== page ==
Seven Lessons From Twenty Years in Ministry

Heather Crews.png

Twenty years ago, January 1, 1999, was a bright day of possibilities and dreams. That was the day I became a full-time pastor for the Texas Conference of Seventh-day Adventists. I am not the same person I was then. Here are seven things I learned along the way.

1)   Every place teaches. Every placement taught me both what to do and what not to do. I moved from a conservative church with two pastors, to a district with two church families and three church buildings, to the excitement of a 3,000 plus member university church, to a three-church district where I needed a ferry for the commute, to my current location as a solo pastor. Each has been an opportunity where I continue to learn through the teaching of others and my own mistakes.

2)   Persist, do not give up. A deep, abiding sense of the calling that comes only from God is what keeps me in the pastoral vocation. God’s calling doesn’t need to be recognized by any organization or word; it comes from God’s gifting.

3)   Finding a voice is hard. I am learning to speak up for issues, point out injustice, and call for action. With this experience comes the understanding that taking a stand will make enemies as well as friends. But when God brings conviction, the price paid to speak is worth it. No matter how the next chapter of Seventh-day Adventist church history looks, I can help shape it by using my voice.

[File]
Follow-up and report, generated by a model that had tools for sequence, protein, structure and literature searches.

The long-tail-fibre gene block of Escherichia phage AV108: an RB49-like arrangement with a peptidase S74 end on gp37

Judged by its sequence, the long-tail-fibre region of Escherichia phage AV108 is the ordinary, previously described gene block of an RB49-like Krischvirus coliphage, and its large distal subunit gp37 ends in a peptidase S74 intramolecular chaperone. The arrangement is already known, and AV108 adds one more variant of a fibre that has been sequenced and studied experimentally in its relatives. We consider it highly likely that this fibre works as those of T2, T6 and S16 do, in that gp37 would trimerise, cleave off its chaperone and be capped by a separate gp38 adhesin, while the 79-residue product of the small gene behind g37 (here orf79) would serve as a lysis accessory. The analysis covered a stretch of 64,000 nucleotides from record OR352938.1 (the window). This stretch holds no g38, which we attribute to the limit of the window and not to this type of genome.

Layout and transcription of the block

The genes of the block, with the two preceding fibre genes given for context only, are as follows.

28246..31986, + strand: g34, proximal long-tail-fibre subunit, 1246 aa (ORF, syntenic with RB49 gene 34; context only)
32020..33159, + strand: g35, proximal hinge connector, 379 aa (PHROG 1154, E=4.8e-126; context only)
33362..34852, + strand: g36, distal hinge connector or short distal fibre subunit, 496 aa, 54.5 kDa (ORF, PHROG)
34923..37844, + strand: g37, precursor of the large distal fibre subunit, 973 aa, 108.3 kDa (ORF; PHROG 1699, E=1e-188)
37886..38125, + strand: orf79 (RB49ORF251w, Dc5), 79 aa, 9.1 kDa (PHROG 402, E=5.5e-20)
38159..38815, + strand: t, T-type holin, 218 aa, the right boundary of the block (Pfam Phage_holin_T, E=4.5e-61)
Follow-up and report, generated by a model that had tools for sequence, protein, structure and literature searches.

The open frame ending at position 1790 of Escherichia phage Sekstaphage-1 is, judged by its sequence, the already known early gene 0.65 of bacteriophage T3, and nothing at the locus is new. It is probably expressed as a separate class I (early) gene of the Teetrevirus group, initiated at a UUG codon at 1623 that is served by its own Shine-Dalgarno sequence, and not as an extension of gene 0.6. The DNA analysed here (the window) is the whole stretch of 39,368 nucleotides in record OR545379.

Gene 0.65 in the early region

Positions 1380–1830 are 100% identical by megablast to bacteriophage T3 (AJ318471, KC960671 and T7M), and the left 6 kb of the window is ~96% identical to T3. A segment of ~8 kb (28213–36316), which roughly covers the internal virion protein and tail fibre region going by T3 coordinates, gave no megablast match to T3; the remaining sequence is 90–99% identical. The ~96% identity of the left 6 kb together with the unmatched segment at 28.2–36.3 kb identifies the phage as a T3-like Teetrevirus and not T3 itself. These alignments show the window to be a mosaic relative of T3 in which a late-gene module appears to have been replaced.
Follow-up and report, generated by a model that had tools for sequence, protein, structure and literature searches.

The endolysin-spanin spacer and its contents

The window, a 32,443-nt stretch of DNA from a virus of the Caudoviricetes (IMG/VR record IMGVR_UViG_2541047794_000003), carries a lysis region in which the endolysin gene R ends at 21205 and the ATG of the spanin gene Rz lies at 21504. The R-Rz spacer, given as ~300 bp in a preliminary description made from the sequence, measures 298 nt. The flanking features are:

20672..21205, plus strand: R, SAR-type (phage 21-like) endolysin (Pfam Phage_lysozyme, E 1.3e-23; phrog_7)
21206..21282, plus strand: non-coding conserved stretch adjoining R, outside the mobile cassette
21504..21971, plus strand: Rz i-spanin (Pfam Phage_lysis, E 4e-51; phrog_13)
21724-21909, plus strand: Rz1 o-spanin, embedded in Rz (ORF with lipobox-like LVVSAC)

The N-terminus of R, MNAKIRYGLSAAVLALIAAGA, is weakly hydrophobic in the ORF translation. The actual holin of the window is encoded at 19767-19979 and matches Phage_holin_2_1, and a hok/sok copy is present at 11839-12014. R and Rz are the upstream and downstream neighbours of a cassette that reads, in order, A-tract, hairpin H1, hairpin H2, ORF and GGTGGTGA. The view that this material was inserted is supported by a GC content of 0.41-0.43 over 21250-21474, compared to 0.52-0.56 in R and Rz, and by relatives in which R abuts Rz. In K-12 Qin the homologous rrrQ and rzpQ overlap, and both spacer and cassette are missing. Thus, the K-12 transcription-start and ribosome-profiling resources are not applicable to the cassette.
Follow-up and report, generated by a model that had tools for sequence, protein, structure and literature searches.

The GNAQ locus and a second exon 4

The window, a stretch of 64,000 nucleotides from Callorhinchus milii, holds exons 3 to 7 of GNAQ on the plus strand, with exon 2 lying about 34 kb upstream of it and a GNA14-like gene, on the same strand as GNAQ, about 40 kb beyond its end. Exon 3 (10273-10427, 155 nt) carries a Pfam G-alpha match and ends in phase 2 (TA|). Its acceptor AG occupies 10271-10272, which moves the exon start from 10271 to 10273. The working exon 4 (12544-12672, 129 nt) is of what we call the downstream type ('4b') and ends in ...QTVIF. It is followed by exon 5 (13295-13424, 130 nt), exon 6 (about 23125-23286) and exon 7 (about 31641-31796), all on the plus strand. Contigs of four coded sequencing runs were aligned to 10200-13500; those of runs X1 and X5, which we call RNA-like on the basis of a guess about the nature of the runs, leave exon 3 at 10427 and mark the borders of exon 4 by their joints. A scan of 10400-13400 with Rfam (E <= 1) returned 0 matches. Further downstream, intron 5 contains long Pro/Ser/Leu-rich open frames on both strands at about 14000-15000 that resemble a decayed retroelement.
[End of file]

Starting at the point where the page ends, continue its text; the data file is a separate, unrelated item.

4)   Find your joy. For me, one season of work was a duty continued from a sense of obligation and commitment. Another season was fueled by a sense of joy and excitement. The joy of my calling energized me to work harder and more creatively than did duty.

5)   Never sacrifice family time. I went from a single pastor with an all-consuming focus on a church that doubled as my family to a married pastor and mother of two. Balance is hard won; it begins with scheduling family things first, not just fitting them in around the edges.

6)   Life requires change. My theology is not as conservative as it was when I started, nor is my lifestyle; yet I now feel a greater sense of commitment and identity as a Seventh-day Adventist Christian. My choices come from a more personally rooted faith than when I expressed traditions.

7)   Grace is fathomless. My understanding of grace deepens as I see my failings and understand that, despite them, I am still called to this vocation. My identity is first as a sinner in need of grace, then as a called pastor. 

Having learned this much, I can only image what God will teach me in the next 20 years. I look forward, with great expectation, to continued learning as I follow His calling.

Heather Crews is the pastor for the Courthouse Road Church in Richmond, Virginia